I sat next to him every day on the AM school bus ride. When we got to school, we parted ways; he went off to the classroom with the jelly flowers on the windows, and I to the one that always smelled like tempura paint and orange juice. We enjoyed our morning bus rides together, because it meant that we could talk about our pets and compare freckles (I always had more, no matter how hard he tried to “grow” them).  Then one day, he leaned over and kissed me on the arm. Clearly, I didn’t have time for a boyfriend; I was only interested in his stuffed animals and his light-up sneakers. So the next time he tried to put the moves on me, I slapped those freckles clean off his face.

Nine ears later, he came out of the closet. And I can’t help but feel like I might have had something to do with that.


First Grade

We read silently for thirty minutes each day. I sat myself down on the floor in the corner of the classroom, because I didn’t care for the beanbag chairs. I was much smaller than the rest of the children in my class, and sometimes I struggled to climb out of the deep, puffy cushion. The floor was warm anyway, because the classroom was located directly above the boiler room.

I read a story about dogs. It shared a lot of valuable information with me: dogs can be big, dogs can be small, sometimes dogs wear boots and hats and go on adventures and solve mysteries. More of a non-fiction piece, really.

Mrs. Peterson, the principal, joined the class while we read independently. She floated around the room and stopped to listen while students tried to sound out words like “shoes,” and “swimming.” She knelt down next to me. Then she told me that she liked the way that I “stopped when I made a mistake, and started again from the beginning of the sentence.”


Second Grade

My parents grew up within walking distance of each other. In Newtown, their
Bronx accents were apparent. In second grade, the other kids began to notice the differences in my speech. When they said “ore-ange,” I said “ahr-ange.” They called me “Hay-nah,” and I said “Hah-nah.” My classmates didn’t know what to make of this. Chris asked me if I was British and I told him, “No. I am from New York.”

For the rest of the school year, kids asked me if I could bring in some tea and scones for them to try.

I practiced saying “ore-ange.”



Third Grade

Zach and Sarah kissed in the blue slide during recess for ten seconds.

This was the most exciting thing that had ever happened to anyone. Ever.


Fourth Grade

Sullenly, we filed outside on a misty April morning. We were each given four Popsicle sticks, and each time we passed our teacher we would drop one into his bucket. Once we were out of sticks, we were out of laps and got to sit down. It wasn’t hard for me to run four laps around the football field. I knew that I could do a good job; my usual time had been around eight minutes. My teacher yelled, “Go!” and we all took off around the first corner. Seven minutes later, I was halfway through my final lap. I needed to stop and tie my shoe. I knelt down, and in front of me sat the biggest, reddest, most distracting ladybug that I had ever seen. I sat right in the grass and watched it climb up my arm. I named it Gladys, I remember because I thought that I was very clever for knowing about the name “Gladys.” I looked up when I heard my name. All of my classmates had finished the run, and there I was, in front of everyone, sitting in the field, playing with a ladybug. So I picked Gladys up, and walked toward my class so that she could be safely deposited in the bushes behind the picnic tables.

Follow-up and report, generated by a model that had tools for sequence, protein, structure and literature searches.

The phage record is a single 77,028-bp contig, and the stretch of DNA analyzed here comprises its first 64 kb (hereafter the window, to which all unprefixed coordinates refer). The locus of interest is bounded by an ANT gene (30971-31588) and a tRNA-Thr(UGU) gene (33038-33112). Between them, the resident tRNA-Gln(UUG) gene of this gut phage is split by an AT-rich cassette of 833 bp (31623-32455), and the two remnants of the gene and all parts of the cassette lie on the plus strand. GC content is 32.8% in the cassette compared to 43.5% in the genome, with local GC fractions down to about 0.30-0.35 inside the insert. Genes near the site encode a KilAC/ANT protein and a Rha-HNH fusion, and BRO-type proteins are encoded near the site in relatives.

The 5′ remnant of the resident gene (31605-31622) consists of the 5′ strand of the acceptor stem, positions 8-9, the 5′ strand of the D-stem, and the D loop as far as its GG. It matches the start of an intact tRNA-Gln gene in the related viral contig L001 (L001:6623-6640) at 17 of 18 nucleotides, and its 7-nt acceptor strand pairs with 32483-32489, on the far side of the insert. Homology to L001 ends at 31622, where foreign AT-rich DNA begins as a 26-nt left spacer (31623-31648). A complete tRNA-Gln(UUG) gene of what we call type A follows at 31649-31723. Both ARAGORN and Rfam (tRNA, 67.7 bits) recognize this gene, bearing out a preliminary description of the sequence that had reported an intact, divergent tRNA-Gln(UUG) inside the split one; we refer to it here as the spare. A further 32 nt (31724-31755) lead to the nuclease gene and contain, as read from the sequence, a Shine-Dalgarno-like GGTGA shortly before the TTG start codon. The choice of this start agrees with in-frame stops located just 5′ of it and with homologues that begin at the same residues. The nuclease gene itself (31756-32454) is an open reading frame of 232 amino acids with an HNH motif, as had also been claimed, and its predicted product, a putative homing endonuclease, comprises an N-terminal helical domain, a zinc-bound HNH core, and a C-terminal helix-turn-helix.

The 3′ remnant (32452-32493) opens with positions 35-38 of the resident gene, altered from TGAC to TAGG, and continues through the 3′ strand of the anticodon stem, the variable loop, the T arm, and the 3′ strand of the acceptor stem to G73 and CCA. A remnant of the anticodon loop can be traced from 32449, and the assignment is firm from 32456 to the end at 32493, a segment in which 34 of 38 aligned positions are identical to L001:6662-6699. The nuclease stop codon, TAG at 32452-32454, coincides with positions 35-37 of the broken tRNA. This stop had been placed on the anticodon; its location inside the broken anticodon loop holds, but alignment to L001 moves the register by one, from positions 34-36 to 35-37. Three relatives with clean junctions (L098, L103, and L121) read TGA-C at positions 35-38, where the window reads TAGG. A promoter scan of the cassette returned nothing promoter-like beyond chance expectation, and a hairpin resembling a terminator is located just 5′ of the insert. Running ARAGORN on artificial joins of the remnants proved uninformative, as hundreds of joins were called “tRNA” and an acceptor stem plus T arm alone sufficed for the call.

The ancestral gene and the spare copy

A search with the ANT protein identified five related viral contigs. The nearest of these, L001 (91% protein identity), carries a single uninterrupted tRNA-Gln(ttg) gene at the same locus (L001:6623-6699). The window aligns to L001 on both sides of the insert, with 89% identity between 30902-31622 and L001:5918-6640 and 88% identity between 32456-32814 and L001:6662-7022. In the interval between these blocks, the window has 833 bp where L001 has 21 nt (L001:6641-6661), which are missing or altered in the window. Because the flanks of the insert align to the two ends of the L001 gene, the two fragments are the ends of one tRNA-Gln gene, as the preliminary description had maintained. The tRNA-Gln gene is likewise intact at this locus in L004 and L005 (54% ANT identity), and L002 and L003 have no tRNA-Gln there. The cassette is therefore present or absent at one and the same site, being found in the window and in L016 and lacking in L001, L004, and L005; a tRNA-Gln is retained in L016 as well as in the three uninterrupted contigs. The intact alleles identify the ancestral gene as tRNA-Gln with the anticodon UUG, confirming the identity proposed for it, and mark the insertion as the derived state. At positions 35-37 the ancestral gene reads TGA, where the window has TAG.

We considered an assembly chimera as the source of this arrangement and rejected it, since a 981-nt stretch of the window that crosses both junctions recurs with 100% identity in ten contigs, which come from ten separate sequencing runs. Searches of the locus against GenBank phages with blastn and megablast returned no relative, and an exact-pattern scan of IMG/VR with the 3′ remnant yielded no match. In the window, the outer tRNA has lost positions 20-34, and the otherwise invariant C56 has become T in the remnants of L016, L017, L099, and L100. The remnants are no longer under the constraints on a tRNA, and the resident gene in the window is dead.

My time was eleven minutes.

I didn’t care.



Fifth Grade

A group of girls in my class stood outside of the classroom, looking into Taylor’s locker. She couldn’t tell if her special locker shelf was going to fit. My friend Maddy stood with them. I stood behind her and looked. I knew that I didn’t fit anywhere in that group—they were the first of the girls to discover the flat irons and mascara. I was still brushing sand out of my hair, leftover from the summer. However, I didn’t have any other friends in my cluster, and so I desperately wished for acceptance. I pulled Maddy over to my locker, so that I could show her my books. I had stacked them so ingeniously, they all fit perfectly. I didn’t even need a shelf. She asked me if I thought that maybe I could fit into my locker. I took my books out and crawled in. I was still very small, compared to the other kids in my grade, and I fit. Maddy closed the door. I wasn’t afraid, because I knew that she would let me out in a second. Taylor called her into the classroom, because Mrs. Swanson wanted to show her something. I couldn’t see anything other than the floor through the narrow slits in the door, so I listened to Maddy jogging away from my locker, away from me. I was alone.